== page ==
A rarely studied breed of tropical octopus is gentle with its prey and rough with its sex, according to research published Wednesday by UC Berkeley and California Academy of Sciences researchers.
The researchers observed the larger Pacific striped octopus in captivity between 2012 and 2014 and recorded its social, sexual and feeding patterns, according to the journal PLOS ONE.
The species was first studied in the 1970s in Panama by Arcadio Rodaniche, a co-author in the study. The limited scope of his observations prevented him from publishing a conclusive study at the time, according to co-author Roy Caldwell, a UC Berkeley professor emeritus of integrative biology.
Co-author Christine Huffard, a research associate at the California Academy of Sciences, said this species challenges prevailing assumptions that octopuses are mostly solitary creatures. Rodaniche previously observed groups of up to 40 octopuses off the coasts of Central America, according to the study.
The larger Pacific striped octopus will also occasionally share a den with a member of the opposite sex for up to several months, a phenomenon that co-author Richard Ross, a senior biologist at the California Academy of Sciences, said is unheard of among other octopus species in the wild.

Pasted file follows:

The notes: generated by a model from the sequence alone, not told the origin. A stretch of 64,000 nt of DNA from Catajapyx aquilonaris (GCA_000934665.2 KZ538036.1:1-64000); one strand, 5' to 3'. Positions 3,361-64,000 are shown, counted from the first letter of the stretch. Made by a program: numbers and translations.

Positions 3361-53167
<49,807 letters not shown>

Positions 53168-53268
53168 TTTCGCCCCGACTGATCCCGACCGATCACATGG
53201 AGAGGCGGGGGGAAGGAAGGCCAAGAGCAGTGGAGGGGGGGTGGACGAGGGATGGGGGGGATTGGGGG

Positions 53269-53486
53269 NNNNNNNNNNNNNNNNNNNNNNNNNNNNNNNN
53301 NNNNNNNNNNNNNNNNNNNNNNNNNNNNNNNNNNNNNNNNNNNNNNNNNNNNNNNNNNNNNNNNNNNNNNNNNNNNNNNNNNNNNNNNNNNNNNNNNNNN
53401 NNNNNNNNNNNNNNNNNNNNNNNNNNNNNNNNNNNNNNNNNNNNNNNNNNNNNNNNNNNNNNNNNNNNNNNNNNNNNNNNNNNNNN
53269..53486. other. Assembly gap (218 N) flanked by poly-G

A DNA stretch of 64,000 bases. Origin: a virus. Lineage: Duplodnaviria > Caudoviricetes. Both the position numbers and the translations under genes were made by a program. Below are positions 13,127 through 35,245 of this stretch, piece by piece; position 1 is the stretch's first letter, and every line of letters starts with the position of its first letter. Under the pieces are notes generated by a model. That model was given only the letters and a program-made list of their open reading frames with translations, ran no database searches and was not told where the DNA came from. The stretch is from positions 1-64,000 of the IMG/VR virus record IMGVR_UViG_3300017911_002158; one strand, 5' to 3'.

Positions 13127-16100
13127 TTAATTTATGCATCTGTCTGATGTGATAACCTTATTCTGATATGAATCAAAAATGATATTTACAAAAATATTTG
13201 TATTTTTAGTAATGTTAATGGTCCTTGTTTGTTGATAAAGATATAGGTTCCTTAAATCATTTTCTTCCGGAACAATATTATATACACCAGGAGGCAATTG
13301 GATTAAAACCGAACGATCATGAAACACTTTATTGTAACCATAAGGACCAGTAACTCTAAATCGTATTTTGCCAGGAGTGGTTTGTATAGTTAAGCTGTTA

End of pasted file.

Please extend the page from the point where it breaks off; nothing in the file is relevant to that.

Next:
Ross described the creature’s hunting style as “reminiscent of a tiger.” When the octopus feeds, it will extend a tentacle and lightly tap its food — a shrimp, for instance — to scare the prey directly into its arms.
“Most octopus don’t do that — they’ll just see something and leap at it to catch it,” he said. “This right here is an example of the hunt at its finest.”
Ross highlighted their mating patterns, which he calls “crazy nutty,” because unlike other species, these octopuses mate beak-to-beak and can lay multiple clutches of eggs for extended periods of time.
Male octopuses typically transfer their sperm to females from a distance or by mounting, according to the study. This species, however, will engage in grappling — in which the male will fully envelop itself into the female’s mouth cavity — which is normally associated with signs of aggression.
Janet Voight, an associate curator of zoology at the Field Museum in Chicago, views this behavior as a way for the female to assess her potential mating partner before sex.
“The females are being choosy,” she said. “If you’re not a confident-enough octopus to push me ‘X’ millimeters, you’re not going to copulate with me.”
Caldwell said that while there are more than 300 known species of octopuses, most of what has already been researched comes from a select few species.
“This study brings to light that there may be other species that are doing just the same things or even more bizarre behaviors,” he said.
Caldwell addressed the difficulties faced by those who wish to study the animals in the wild, because they inhabit deep waters with low visibility, strong currents and muddy planes. While his team hopes to plan an expedition in the near future, they have been unable to thus far.
Still, Huffard said studying a species as unique as this one showcases the “incredible diversity” of animal life and behavior in understudied habitats.